Heat Wave Proves Deadly Down South

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The weather has been hot, muggy and humid for parts of the country. In some places, temperatures have soared above 100 degrees for a stretch of days. Forecasters have said it may be a while before there's some relief.

At this week's band camp for Milton High School, near Atlanta, Ga., eight students collapsed in the sweltering heat, forcing an end to outdoor practice.

"I think the length of the week and the course of time took it's toll on a few students," Milton High School band director Ryan Borger said.

The coaching staff at Atlanta's Grady High School made the same call to prevent a similar scene on the football field.

"One-hundred and eighteen and it's flashing danger and it's going up as we stare at it," said LaFrederick Spence, Grady High School football coach. "It's not extreme danger, but it's danger, so we keep our guys inside."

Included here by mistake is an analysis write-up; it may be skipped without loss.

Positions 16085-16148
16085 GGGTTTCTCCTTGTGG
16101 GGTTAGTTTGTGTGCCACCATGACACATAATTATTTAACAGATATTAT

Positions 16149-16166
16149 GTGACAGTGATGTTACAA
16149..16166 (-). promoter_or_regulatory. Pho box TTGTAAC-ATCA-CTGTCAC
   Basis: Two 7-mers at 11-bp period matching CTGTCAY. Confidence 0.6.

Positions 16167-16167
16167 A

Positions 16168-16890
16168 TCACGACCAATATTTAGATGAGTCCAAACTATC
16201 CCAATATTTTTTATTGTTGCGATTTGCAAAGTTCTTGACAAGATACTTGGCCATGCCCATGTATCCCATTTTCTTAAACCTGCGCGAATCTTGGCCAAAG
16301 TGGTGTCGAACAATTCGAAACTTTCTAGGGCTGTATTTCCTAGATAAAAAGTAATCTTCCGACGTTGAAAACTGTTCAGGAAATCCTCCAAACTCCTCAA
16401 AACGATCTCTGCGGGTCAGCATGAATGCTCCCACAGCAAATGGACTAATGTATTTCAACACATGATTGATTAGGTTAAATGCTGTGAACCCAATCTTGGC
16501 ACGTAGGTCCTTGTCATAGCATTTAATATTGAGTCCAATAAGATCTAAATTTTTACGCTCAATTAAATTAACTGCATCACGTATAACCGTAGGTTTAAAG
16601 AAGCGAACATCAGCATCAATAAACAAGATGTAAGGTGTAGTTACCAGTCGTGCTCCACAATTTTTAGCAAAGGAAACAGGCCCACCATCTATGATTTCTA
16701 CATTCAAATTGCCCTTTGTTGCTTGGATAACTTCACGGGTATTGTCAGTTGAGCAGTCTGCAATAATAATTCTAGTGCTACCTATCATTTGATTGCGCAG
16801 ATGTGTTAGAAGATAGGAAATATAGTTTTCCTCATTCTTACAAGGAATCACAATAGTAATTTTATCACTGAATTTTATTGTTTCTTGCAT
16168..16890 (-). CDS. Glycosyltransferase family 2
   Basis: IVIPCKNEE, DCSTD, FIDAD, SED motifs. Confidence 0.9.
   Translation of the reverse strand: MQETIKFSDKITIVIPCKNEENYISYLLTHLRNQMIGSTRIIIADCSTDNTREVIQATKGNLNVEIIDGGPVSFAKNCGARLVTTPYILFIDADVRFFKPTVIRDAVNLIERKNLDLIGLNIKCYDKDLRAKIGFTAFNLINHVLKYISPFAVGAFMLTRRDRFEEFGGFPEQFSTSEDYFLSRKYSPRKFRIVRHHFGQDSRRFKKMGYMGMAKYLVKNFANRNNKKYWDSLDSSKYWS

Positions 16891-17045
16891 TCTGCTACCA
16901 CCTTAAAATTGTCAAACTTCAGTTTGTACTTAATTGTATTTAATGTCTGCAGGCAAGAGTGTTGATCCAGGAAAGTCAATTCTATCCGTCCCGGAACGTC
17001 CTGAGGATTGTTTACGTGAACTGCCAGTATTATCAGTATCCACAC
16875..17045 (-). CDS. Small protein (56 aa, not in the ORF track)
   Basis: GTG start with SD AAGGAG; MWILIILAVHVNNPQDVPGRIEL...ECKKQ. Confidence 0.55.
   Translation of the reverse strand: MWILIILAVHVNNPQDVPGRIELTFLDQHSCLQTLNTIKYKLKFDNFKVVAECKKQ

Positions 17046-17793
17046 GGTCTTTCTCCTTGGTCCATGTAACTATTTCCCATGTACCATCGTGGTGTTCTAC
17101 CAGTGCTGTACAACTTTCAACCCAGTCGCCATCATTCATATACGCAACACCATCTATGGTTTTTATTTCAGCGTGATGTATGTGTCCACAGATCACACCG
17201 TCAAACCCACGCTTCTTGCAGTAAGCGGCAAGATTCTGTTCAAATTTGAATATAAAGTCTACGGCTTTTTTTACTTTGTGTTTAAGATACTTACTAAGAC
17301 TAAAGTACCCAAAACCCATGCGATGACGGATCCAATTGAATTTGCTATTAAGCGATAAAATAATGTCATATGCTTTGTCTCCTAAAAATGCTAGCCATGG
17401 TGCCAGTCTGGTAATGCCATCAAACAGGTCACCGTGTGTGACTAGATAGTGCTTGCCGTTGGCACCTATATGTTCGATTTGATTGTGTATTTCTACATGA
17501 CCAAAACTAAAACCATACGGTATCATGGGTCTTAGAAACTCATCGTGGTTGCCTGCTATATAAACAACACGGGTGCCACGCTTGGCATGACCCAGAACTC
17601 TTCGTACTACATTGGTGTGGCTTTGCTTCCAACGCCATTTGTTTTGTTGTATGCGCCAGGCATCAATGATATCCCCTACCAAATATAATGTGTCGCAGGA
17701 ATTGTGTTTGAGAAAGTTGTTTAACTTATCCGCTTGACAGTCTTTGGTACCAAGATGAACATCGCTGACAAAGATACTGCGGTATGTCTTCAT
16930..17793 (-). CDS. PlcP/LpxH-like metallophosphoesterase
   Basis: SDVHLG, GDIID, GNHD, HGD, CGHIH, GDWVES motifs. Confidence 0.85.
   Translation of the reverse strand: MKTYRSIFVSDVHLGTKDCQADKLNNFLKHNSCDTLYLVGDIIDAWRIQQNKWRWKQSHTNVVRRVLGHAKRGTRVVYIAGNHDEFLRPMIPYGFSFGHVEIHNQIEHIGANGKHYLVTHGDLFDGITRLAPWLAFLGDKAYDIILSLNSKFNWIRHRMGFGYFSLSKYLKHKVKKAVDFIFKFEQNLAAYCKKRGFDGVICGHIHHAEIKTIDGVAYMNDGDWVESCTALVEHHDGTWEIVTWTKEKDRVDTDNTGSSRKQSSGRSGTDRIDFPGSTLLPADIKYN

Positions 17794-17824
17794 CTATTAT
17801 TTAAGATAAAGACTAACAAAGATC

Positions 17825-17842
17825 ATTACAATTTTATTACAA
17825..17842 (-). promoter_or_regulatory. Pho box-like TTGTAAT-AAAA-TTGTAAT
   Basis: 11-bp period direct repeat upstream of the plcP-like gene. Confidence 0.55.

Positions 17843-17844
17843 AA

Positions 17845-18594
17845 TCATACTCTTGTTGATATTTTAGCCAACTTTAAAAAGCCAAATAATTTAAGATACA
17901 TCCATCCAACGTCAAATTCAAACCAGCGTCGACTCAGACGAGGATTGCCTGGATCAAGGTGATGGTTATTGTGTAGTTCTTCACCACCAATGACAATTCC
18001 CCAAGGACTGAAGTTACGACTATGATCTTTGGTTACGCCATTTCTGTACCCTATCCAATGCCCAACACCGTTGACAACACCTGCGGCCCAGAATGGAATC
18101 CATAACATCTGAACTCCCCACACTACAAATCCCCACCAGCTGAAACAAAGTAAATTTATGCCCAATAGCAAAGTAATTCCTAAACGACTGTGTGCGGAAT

Consecutive days of exceptionally hot weather have taken a toll. At least 15 people have died as a result of the scorching temperatures.

In Florida, a community is in shock over the death of a 2-year-old girl who died after being left in an overheated daycare center van.

Also, in Fayette, Ga., four burglary suspects could face more than just burglary charges after a police canine died while chasing them through the woods.

"We got the first two. There were still two more and we just kept going and Aaros went until he couldn't go any more," said Cody Benslay, Fayette County Sheriff's Deputy.

Those who have to be outdoors because of work are trying to make sure they take the necessary precautions.

"Every morning we talk about the heat," Scott Sholz of the Texas Department of Transportation said. "We bring up the temperature it's going to be. We tell them to drink plenty of water. We tell them you got to force yourself to drink water."

Schools in Cobb County, Ga., are giving students bottled water for their bus rides home.

Forecasters said while some may find a little relief with slightly cooler temperatures this weekend, it won't last long. The next stretch of heat, according to forecasters, could last for weeks.

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